It is almost one year since First Data Corp. announced that it was going to acquire Concord EFS Inc., creating a powerhouse in the payments world with the scale to change the industry's pricing dynamics and the capital generation
  to accelerate additional product development and acquisitions. I believe that many of the issues leading up to the Feb. 26 merger and during the approval process remain central to what this merger means for the payments industry
  going forward, namely processing fees charged to retailers and relationships with the banking industry.
  This newly combined company could make scale an even bigger issue at a very crucial time for the payments industry, when fees are under attack by retailers (who have the wind at their back) and banks and networks that are
  trying to protect lucrative revenue streams. The processor that has the most scale will be the one that can most successfully find a way to bring merchants lower fees, while also making sure that banking partners are happy.
  This elevated hurdle of more scale may force many others to grapple with tough decisions centering on two primary areas. First, it will prompt consolidation as some look to build scale and others look to sell because they don't have scale or product differentiation. Within the next 18 months
  we will probably see the beginning of more consolidation in the processing space. Second, it will likely lead to some players focusing on a very well-defined niche where they can provide enough value so that pure pricing is not necessarily the major issue.
  Regarding retailers, we believe this combined entity places heat on both FDC and the retailing industry. Part of the logic for the merger is that a merged FDC/Concord will be able to utilize its scale and provide lower-cost
  processing. It is now time to prove it, and we don't think that retailers will forget that argument.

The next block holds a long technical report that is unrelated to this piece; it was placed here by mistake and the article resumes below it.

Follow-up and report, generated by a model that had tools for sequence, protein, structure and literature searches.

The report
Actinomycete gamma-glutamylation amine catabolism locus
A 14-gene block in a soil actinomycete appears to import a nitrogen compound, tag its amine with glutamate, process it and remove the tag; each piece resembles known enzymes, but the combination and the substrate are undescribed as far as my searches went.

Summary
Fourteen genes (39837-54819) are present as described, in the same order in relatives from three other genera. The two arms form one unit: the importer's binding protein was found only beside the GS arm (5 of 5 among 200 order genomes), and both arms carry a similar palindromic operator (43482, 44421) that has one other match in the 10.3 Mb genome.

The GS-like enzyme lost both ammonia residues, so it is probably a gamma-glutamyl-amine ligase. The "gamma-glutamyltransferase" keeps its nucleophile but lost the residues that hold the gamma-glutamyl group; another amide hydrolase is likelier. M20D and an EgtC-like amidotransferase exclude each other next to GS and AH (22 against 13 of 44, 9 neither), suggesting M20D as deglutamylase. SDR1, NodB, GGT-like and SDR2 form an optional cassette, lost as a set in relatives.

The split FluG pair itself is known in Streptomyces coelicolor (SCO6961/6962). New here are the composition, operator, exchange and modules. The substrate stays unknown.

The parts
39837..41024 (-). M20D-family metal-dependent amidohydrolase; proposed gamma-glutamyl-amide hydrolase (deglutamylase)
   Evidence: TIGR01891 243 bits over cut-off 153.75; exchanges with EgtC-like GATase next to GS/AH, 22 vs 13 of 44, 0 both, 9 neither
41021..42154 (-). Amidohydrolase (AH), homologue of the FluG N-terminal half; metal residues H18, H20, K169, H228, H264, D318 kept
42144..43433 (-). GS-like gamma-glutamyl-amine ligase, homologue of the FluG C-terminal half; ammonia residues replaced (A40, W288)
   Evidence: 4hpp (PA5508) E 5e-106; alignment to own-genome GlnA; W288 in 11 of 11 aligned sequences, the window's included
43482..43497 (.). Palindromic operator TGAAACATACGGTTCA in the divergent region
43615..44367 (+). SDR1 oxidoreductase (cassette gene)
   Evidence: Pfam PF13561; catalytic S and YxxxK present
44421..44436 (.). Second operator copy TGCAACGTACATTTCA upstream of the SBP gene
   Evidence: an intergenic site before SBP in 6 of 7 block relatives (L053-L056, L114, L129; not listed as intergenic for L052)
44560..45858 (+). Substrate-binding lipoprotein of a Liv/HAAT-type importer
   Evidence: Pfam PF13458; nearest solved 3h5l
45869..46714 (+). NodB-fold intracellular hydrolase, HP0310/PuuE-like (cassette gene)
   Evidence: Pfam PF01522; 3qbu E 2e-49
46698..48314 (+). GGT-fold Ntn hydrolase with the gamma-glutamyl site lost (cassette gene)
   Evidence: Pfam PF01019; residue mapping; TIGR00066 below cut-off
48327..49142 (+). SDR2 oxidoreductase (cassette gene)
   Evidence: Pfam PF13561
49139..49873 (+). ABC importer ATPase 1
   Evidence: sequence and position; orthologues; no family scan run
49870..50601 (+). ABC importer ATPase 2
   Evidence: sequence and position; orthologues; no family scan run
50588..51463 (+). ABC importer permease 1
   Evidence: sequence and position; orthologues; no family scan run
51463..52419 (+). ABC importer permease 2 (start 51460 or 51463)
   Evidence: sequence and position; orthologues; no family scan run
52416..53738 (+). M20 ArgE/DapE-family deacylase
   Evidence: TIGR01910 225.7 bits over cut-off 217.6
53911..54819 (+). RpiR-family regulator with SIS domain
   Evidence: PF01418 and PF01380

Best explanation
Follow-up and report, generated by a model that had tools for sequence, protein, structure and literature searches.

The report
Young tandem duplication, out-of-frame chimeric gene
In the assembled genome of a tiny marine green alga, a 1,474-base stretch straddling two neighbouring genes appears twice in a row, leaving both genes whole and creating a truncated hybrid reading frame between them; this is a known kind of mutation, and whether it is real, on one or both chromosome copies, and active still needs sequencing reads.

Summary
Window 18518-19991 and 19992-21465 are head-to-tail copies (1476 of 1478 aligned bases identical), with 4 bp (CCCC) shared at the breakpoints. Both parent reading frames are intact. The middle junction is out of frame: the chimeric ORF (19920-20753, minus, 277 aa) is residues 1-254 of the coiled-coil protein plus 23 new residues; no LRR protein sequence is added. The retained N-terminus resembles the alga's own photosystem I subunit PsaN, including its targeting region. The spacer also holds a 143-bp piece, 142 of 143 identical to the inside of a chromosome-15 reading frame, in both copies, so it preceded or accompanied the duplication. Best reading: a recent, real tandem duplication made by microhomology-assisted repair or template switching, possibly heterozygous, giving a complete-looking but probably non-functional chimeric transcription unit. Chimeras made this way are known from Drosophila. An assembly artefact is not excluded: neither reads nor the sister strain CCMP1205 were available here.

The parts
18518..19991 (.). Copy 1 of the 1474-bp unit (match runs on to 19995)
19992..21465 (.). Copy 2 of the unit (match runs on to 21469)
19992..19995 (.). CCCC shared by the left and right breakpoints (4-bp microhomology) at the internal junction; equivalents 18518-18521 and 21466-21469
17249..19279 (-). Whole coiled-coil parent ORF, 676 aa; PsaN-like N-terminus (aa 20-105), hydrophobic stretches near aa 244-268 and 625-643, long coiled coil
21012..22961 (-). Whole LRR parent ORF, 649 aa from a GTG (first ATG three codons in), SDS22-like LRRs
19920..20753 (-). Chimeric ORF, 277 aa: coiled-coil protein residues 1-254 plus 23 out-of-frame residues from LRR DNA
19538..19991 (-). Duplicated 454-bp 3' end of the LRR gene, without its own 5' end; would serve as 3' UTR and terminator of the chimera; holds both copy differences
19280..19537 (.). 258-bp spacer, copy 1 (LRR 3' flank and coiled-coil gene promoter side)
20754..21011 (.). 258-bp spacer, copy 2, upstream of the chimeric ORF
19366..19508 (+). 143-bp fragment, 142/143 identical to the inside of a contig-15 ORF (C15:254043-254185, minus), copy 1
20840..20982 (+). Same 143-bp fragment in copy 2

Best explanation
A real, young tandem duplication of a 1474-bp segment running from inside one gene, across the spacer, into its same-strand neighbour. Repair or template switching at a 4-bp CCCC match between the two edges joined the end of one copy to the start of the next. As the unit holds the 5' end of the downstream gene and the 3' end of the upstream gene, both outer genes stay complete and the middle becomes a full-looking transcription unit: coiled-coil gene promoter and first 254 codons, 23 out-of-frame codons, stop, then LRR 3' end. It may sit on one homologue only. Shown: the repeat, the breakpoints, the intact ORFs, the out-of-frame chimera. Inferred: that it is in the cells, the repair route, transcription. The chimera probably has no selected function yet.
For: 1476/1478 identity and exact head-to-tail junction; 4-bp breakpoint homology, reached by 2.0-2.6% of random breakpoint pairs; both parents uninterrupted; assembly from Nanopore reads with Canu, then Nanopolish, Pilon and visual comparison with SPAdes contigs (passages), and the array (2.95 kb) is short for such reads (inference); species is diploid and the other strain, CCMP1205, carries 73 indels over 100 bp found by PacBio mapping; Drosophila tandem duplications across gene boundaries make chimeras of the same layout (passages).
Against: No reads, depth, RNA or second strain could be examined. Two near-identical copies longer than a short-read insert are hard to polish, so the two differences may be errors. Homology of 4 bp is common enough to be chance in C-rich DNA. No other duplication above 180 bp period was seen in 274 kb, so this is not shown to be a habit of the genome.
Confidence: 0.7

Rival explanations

I have already read one article, however, that points out that while retailers say higher processing costs ultimately hurt the consumer, the fact is that we have not seen broad-based price reductions in stores even though
  offline debit card fees have come down in the wake of last year's Visa/MasterCard settlements. We'll see who actually delivers on their argument in the coming year.
  We suspect that banks will be watching this merger closely, for a couple of reasons. First, banks also will want to benefit from the increased scale of the combined company; they will not allow it to accrue only to FDC and
  retailers. This could manifest itself in higher personal identification number-based revenue per transaction, or a more lucrative share of a merchant alliance.
  Network Effects
  The FDC/Concord combination should be able to accelerate product development, which banks would welcome. The ability to be successful here could provide enough value-add to the relationship with a bank or retailer to minimize the commoditization of the actual acquiring and settlement
  The last implication for the deal centers on the electronic funds transfer networks. Now that offline and online debit pricing are moving towards parity, the merger may make for a less acrimonious relationship between a
  network owner and its member banks. We believe, however, that banks still want to be involved with a network that they ultimately perceive as having their best interests at heart.
  Yet bankers want options, which is why First Data's pending sale of its 64% interest in the NYCE network, a rival of Concord's Star, is an important event. Star and Visa's Interlink are strong EFT competitors. The question
  is, will the banks be willing to get behind a third EFT network in an effort to keep their options open? The buyer of NYCE may very well be the ultimate determinant of its success, and thus its competitive impact on Star and
  Interlink. If it is a buyer that the banking industry really believes has its interest at heart, there is a good chance that NYCE can flourish. If the buyer is not able to get bank buy-in, we believe it will be a challenge to match the
  geographic breadth and marketing might of its two primary competitors.
  Many questions remain on the heels of this merger, but we are certain that the payment-processing industry remains a dynamic and growing industry with plenty of room for those that can take advantage of the many opportunities that
  present themselves.
  Disclosure: This article was provided by Tim Willi, financial-services analyst with A.G. Edwards & Sons Inc., Member SIPC. Opinions are subject to change without notice; additional information is available on request.
  Tim Willi is the senior information-technology services analyst at A.G. Edwards in St. Louis. He has been with the company for 10 years, currently covering IT-services companies focused on financial services, including many payments firms. He previously covered the banking industry for seven years. Before joining A.G. Edwards he worked for a Midwestern regional bank. He can be reached at willit

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